Make sure your timeline is reasonable and translates a sense of urgency. A Robert Half survey, found 62% of professionals lose interest in a job if they don’t hear back from the employer within 10 business days of the initial interview: 77% if there is no status update within three weeks. Few employers are taking that long to hire in this difficult market, but if your process runs slow, just let candidates know. Provide them with a timeline and then stick to it. Put reminders on your calendar to call with updates on or before the dates you’ve promised.
Check in frequently
If you’re willing to hire someone on the spot, make sure your offer is contingent on a thorough background screening. A sense of urgency is needed in today’s market, but that doesn’t mean you should be reckless or negligent in hiring.
If you’re not hiring on the spot, make sure to call with news on the process when you say you will. Even if there’s no news, it’s often a best practice to check in periodically with a message. ‘Just wanted to let you know we’re still very interested and we’ll be calling you next week with our final decision.’
From offer to onboard
When the decision has been made, you’ll want to contact the applicant immediately, but don’t let that connection be your last. If they accept, let them know you’ll be forwarding materials to get them started. Don’t swamp them with employee handbooks and tax forms. Do send information about company culture, benefits, employee resources and wellness programs.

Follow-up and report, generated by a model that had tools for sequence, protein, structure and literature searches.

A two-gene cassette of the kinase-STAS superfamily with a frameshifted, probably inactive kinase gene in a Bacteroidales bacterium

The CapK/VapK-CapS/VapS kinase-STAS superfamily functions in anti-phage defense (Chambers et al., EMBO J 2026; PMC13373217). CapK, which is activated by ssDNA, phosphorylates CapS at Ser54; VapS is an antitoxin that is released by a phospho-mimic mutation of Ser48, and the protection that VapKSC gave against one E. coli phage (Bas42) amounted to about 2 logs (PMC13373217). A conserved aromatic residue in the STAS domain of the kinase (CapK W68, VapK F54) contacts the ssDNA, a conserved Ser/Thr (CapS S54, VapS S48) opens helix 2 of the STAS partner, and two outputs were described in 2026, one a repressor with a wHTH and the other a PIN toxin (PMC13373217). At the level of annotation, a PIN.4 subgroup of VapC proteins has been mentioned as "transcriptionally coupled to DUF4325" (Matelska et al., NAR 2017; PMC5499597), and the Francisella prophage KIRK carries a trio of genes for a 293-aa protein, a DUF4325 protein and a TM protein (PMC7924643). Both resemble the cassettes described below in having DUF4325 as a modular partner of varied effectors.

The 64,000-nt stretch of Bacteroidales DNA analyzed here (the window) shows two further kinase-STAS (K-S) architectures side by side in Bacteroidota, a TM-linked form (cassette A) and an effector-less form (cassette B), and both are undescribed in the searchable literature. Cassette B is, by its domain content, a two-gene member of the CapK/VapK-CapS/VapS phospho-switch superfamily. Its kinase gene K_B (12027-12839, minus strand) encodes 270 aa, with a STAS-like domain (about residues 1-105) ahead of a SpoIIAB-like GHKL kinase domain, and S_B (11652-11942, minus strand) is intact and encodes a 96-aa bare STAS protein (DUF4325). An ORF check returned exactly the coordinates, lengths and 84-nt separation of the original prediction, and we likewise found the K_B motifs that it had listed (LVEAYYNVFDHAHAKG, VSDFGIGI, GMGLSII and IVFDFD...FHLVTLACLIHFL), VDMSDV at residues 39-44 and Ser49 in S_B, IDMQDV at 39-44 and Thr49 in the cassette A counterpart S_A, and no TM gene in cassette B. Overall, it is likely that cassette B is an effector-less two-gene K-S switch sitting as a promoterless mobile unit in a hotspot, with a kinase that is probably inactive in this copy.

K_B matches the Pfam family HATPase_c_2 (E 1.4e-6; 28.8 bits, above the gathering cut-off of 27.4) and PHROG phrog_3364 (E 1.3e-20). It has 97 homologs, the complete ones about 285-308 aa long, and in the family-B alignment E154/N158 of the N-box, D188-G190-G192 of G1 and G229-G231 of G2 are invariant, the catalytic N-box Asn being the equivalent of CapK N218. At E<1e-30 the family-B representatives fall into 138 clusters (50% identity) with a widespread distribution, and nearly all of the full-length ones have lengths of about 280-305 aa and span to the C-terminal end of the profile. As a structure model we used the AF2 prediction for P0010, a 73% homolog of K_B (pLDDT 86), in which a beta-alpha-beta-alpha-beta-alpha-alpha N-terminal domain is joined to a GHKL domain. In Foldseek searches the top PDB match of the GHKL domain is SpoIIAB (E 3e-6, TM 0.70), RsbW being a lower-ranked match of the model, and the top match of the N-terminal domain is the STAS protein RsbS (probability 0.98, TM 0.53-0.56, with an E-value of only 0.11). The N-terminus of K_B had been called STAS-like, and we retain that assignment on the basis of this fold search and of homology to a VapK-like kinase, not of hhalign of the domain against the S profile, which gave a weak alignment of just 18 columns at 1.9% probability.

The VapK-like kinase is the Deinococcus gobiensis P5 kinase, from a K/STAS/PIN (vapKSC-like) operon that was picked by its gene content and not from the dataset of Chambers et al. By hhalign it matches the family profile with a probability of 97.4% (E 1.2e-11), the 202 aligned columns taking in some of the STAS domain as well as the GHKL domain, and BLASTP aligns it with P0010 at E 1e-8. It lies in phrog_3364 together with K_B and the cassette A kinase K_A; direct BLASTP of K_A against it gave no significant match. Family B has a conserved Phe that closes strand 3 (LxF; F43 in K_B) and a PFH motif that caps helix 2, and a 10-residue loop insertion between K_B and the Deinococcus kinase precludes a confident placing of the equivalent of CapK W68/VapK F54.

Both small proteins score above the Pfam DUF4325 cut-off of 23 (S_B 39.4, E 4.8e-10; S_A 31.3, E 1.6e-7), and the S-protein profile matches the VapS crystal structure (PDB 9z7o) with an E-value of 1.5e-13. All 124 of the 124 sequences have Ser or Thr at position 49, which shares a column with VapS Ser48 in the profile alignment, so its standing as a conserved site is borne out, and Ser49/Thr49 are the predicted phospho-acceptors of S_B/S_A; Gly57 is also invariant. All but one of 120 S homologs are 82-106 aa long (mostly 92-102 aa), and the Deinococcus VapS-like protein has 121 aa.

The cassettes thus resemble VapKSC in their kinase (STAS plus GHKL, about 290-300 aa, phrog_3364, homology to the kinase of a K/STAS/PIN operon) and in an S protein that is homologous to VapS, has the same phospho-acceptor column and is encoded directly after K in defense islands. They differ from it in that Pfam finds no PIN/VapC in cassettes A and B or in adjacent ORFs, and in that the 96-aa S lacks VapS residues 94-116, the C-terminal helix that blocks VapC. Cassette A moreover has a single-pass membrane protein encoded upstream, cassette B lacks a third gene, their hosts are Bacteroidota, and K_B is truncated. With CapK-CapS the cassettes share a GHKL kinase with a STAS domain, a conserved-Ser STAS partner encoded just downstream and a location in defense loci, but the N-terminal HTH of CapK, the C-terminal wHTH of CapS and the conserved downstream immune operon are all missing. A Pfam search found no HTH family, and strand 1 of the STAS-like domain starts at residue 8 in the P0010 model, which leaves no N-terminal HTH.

They haven’t started yet — you’re still in the ‘selling’ phase of recruitment. Anything you can provide, either with links to web pages or hard materials, will keep their interest in joining your firm. Some companies even send new hires swag to welcome them to the team. You probably have promotional t-shirts, mugs and pens lying around. If you want to really welcome a new hire, send a few of these along with your formal offer letter. These extra touches can help assure the candidate they’ve made the right decision in accepting your offer. Remember to save a few of your best swag items as a gift on their desk the first day on the job!
Candidates are your newest customers. You’re not trying to sell them your product or service, you’re selling them on your organization. Treating them with the same customer-centric mindset you use for your top clients can mean a new hire that turns into a long-term employee.
Also check out Part One of this series:
Candidate Experience is Key to Successful Recruitment